Fast forward to yesterday. I was worried about the baby tooth surviving yet another filling, because it’s 50 years old, and was never meant to work for so long. But after 45 minutes in the chair, the work was done. About 45 minutes after that, my teeth were clean and smooth, although my mouth was still numb for about four hours. Bill also had to have a little work done, but his work didn’t require any novocaine.

Lately, I’ve been choosing to pair our visits to Dr. Blair’s office with excursions to places we haven’t yet been. For instance, we’ve done two Black Forest trips and a trip to a part of Alsace, France, we hadn’t yet visited. We decided to stay in Stuttgart this time, because we weren’t just having cleanings done. Next time we see Dr. Blair, unless there’s a problem, we’ll probably go somewhere else relatively nearby that we haven’t been to yet. Maybe my German friend, Susanne, will finally see us visit her hometown of Freiburg. I’ve been trying to arrange a trip there for years!

The trip to see our fabulous dentist was the main reason we went back to Stuttgart over the weekend. However, we had other reasons for going back “home” (Stuttgart has been “home” for us for six out of twenty years of marriage). The fact of the matter is, Stuttgart is a pretty nice place to visit. We made a valiant attempt to see a lot more of it during our most recent four year stint living there, but there are still a lot of places we haven’t been. There are also places we wanted to see again.

Over the weekend, we managed to visit a couple of new places, as well as a place we hadn’t seen since 2008, when we lived in the Stuttgart area the first time. We stayed in the Wald Hotel, our favorite Stuttgart area hotel, albeit in their “suite”, which we’d never tried before. I believe it was our fifth stay at the Degerloch four star accomodation, located near a sports complex and the famed Fernsehturm (TV tower).

We ate good food, drank lots of libations, experienced just about every kind of weather, bought a new rug, met new people, listened to music, picked up souvenirs for Bill’s grandchildren, and spent plenty of euros. I got pictures, too. So I hope you’ll come along with me on my latest jaunt to our old stomping grounds… Maybe you’ll learn something new… or just be entertained. Or maybe not.

I’m just happy my smile is bright again, and my tooth is fixed. Turns out it wasn’t as bad as Dr. Blair thought it was. Stay tuned for part two!

Featured photo is yet another 3D city model… I just saw the one for Wiesbaden a couple of weeks ago. Now I seem to see them everywhere. ūüėČ


Natural Bridge and Lexington circa 1957

As seen on my main blog…  Sorry for the rerun, but this blog is read by different people than the main blog is.

A very interesting film made in 1957 about my family’s American home… Special thanks to my friend, Joann, for posting this fascinating video about Natural Bridge and Lexington, Virginia.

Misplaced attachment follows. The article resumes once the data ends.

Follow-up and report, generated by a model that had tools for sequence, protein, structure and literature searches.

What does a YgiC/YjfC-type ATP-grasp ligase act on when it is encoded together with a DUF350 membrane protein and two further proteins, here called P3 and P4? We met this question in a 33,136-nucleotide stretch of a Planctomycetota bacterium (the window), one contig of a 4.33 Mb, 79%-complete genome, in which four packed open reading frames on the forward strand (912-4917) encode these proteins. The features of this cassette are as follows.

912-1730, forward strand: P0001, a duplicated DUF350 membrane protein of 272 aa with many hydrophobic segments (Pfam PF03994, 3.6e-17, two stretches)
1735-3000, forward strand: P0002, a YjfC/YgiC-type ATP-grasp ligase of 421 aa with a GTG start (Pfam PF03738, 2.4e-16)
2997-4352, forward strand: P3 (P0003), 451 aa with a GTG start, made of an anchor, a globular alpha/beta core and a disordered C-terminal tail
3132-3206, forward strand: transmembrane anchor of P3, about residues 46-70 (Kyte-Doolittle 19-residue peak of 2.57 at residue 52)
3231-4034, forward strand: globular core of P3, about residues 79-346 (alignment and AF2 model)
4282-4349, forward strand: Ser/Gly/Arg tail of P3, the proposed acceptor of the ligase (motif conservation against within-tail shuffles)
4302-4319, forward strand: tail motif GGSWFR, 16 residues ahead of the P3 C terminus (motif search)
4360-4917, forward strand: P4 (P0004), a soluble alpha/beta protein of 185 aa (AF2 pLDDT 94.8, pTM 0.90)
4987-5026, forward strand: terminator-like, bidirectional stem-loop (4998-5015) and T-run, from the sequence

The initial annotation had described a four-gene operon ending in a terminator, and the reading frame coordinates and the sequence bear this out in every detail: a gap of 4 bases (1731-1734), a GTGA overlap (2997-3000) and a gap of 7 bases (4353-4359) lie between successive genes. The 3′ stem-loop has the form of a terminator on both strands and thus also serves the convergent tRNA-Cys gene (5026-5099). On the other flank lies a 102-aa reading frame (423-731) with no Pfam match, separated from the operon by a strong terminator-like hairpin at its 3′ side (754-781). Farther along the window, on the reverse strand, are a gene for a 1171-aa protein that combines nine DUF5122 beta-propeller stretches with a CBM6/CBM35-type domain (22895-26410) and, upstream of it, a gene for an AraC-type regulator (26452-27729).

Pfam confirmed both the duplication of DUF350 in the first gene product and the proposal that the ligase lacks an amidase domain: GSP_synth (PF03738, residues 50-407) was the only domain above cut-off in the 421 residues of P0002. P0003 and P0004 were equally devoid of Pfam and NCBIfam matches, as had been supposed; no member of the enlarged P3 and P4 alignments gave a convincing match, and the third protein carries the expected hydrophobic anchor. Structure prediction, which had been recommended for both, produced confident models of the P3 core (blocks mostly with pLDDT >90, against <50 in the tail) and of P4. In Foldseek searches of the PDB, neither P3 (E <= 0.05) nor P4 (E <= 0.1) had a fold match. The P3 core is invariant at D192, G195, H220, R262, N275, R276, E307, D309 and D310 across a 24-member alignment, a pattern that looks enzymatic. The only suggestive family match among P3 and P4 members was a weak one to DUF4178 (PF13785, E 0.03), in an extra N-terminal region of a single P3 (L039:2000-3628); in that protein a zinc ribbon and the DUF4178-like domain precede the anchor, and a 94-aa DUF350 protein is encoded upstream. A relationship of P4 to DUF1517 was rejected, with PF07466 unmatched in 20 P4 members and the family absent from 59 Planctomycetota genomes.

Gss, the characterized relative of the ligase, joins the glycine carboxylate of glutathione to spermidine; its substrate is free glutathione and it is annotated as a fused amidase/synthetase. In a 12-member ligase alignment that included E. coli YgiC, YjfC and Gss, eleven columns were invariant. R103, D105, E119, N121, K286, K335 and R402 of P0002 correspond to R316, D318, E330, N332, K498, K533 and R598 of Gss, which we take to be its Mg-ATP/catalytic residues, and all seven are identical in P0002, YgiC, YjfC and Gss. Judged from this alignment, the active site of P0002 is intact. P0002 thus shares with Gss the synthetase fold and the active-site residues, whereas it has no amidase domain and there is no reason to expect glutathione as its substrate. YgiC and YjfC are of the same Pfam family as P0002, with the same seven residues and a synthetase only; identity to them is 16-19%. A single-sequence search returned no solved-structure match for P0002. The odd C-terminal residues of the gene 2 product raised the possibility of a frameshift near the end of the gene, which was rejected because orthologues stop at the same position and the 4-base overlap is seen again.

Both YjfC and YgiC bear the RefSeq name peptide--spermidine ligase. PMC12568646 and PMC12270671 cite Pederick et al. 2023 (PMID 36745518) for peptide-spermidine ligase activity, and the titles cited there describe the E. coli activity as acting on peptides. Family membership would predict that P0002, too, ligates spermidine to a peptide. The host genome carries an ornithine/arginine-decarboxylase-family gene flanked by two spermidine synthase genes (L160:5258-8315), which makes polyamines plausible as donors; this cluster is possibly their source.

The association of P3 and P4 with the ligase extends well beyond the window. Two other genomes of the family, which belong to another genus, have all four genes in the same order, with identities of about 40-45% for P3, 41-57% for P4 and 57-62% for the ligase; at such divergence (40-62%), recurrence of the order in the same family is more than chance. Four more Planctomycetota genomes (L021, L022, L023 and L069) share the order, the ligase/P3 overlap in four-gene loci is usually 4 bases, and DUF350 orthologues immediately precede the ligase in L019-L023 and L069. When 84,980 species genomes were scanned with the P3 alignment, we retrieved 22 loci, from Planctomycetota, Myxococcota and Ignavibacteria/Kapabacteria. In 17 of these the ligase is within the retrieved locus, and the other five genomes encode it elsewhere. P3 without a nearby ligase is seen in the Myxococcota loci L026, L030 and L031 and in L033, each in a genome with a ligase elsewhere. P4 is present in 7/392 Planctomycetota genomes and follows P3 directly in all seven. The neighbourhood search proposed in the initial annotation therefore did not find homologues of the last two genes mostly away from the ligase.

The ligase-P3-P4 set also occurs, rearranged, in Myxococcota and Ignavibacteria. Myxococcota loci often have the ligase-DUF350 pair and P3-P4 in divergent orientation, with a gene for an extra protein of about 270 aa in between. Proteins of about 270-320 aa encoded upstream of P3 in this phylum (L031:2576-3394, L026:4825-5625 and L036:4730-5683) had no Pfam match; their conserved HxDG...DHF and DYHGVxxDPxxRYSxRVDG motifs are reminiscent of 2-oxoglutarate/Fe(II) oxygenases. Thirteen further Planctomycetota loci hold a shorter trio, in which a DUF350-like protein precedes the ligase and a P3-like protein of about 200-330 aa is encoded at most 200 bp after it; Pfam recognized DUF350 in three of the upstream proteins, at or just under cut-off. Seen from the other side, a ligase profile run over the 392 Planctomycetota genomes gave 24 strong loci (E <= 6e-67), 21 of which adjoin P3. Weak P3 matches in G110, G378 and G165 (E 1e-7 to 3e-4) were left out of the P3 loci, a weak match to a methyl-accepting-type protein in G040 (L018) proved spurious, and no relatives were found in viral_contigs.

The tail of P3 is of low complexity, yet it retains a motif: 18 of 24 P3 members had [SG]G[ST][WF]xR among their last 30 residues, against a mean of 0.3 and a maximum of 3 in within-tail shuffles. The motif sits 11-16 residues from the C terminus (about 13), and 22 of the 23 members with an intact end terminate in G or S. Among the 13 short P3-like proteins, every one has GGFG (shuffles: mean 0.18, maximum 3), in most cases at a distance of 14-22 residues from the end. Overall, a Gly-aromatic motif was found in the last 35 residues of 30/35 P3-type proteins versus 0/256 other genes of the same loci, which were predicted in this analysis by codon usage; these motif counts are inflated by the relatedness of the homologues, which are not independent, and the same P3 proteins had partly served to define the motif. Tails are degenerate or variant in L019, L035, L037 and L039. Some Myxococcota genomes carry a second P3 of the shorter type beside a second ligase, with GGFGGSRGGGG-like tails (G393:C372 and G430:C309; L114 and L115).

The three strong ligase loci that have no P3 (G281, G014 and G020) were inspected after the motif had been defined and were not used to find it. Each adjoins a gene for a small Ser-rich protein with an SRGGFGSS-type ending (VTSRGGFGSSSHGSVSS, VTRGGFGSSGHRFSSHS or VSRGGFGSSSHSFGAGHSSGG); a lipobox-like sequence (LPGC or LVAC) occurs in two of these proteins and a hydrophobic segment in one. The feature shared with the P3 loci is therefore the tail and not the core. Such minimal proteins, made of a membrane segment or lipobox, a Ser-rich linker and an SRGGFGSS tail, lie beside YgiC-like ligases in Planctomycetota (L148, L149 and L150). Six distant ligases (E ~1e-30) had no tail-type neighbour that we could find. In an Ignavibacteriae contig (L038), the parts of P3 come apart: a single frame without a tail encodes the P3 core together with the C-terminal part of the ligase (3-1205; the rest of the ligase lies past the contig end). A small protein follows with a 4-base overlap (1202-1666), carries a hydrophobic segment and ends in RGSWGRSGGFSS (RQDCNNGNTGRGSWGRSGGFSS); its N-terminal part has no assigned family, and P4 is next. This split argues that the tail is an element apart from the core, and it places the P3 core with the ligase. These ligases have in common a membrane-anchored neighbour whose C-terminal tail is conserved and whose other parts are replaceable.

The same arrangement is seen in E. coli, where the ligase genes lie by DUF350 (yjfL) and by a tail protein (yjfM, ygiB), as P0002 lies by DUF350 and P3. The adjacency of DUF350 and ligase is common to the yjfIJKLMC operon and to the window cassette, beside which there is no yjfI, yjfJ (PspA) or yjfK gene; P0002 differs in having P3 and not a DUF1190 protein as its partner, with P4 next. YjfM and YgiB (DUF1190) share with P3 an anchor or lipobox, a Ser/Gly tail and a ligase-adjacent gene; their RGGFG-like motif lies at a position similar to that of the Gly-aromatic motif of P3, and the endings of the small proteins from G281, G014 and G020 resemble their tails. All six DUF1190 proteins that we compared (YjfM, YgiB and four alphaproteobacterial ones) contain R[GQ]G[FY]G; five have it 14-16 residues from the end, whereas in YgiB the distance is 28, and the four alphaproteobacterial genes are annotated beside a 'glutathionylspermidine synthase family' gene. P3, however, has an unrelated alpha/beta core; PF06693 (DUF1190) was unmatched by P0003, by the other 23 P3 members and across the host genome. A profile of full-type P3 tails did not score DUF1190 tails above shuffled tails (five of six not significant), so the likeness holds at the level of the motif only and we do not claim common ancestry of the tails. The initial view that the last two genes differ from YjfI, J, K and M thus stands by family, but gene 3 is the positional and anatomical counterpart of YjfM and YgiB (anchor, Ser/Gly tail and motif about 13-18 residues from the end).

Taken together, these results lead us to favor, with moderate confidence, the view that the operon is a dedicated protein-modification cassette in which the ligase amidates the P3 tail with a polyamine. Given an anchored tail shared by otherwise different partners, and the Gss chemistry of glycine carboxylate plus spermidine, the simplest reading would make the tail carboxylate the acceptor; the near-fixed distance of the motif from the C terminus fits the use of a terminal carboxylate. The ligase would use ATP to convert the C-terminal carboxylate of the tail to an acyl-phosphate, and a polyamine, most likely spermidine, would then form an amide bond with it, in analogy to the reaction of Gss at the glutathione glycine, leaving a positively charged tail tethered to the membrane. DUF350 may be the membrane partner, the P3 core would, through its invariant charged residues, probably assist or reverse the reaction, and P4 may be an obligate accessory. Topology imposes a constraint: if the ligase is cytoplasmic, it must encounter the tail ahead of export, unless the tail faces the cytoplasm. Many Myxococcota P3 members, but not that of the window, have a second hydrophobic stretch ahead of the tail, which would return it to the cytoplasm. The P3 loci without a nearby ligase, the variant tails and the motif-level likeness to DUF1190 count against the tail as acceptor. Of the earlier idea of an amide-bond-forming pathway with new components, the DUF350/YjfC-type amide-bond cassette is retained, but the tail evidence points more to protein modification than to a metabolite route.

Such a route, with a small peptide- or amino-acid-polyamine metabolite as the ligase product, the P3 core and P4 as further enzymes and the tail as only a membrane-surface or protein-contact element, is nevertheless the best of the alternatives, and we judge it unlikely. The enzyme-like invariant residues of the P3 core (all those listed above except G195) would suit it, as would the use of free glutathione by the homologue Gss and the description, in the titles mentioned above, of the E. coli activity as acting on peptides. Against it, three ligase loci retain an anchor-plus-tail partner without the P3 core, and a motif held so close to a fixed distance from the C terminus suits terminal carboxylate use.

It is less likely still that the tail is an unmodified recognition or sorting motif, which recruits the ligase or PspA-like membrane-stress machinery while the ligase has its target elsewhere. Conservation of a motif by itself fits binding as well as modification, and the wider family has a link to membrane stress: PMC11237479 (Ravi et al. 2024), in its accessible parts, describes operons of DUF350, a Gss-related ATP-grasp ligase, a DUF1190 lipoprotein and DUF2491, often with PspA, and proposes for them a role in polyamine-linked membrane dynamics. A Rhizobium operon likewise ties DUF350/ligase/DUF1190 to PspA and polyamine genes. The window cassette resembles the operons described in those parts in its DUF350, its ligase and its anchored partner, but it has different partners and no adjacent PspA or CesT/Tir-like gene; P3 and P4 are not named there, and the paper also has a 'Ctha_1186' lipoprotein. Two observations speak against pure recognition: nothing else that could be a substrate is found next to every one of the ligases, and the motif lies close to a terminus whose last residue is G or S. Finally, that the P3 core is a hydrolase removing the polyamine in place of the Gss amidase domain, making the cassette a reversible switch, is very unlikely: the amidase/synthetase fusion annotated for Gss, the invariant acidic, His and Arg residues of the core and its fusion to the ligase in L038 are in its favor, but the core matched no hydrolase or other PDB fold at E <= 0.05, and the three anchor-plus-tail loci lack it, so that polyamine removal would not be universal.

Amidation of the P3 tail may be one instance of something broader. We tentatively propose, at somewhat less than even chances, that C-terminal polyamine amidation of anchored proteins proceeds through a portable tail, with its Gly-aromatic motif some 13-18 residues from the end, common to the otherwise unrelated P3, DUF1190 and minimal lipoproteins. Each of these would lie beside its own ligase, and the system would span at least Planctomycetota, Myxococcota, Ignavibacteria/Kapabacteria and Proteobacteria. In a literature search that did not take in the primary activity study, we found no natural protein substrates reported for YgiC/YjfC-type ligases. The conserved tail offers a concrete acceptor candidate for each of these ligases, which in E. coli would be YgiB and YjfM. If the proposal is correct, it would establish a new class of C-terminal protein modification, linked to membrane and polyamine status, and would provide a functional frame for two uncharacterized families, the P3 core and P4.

I have mentioned before that I come from Virginia. My family has been in Virginia since the early 1700s.  The earliest relative I’ve found in Virginia was a man named Johann Tolley, who came to Virginia from Hamburg, Germany.

Johann Tolley evidently fathered the people in my family who eventually settled in Rockbridge County.  Rockbridge County is kind of in the west central part of the state, in the Shenandoah Valley and Blue Ridge Mountains.  Although I have been visiting Natural Bridge and its environs my whole life, I did not grow up there myself.  I was born and mostly raised not far from Williamsburg and Jamestown, Virginia, clear across the state.

Because my dad was an Air Force officer, the family he made with my mother was nomadic.  My parents spent the first 24 years of their marriage moving to different towns, mostly in the southern United States, but occasionally in other countries.  I was born during their fourteenth year of marriage, so I missed a lot of the moves and didn’t have any sense until the bitter end of my dad’s military career.

The one place that has always been a constant in my life has been Natural Bridge.  I’m pretty sure my family has lived in the same creekside house since at least the 1940s.  I’m not sure what’s going to happen when my aunt and uncle pass on.  I hope someone in the family will keep the house.  It’s a special place that is mostly full of wonderful memories.

Granny’s house… where my dad grew up.  There is a creek that runs in front of the house and another one that runs perpendicular to it on the left.

Down by the creek…

After a rare November snow in 2014… when I last visited.

Another shot up the hill.  I pray this house never leaves our family.  The street it’s on was named after my grandfather.

My family as of 2014.  Sadly, a couple of the people in the photo are no longer with us.  I think we’re missing about twenty people, too.  The Mormons have nothing on us.


The family church, High Bridge Presbyterian.  This is where we held my dad’s memorial service.


Many of my relatives are buried here, including my dad, who was moved about two years after he was initially buried at Granny’s house.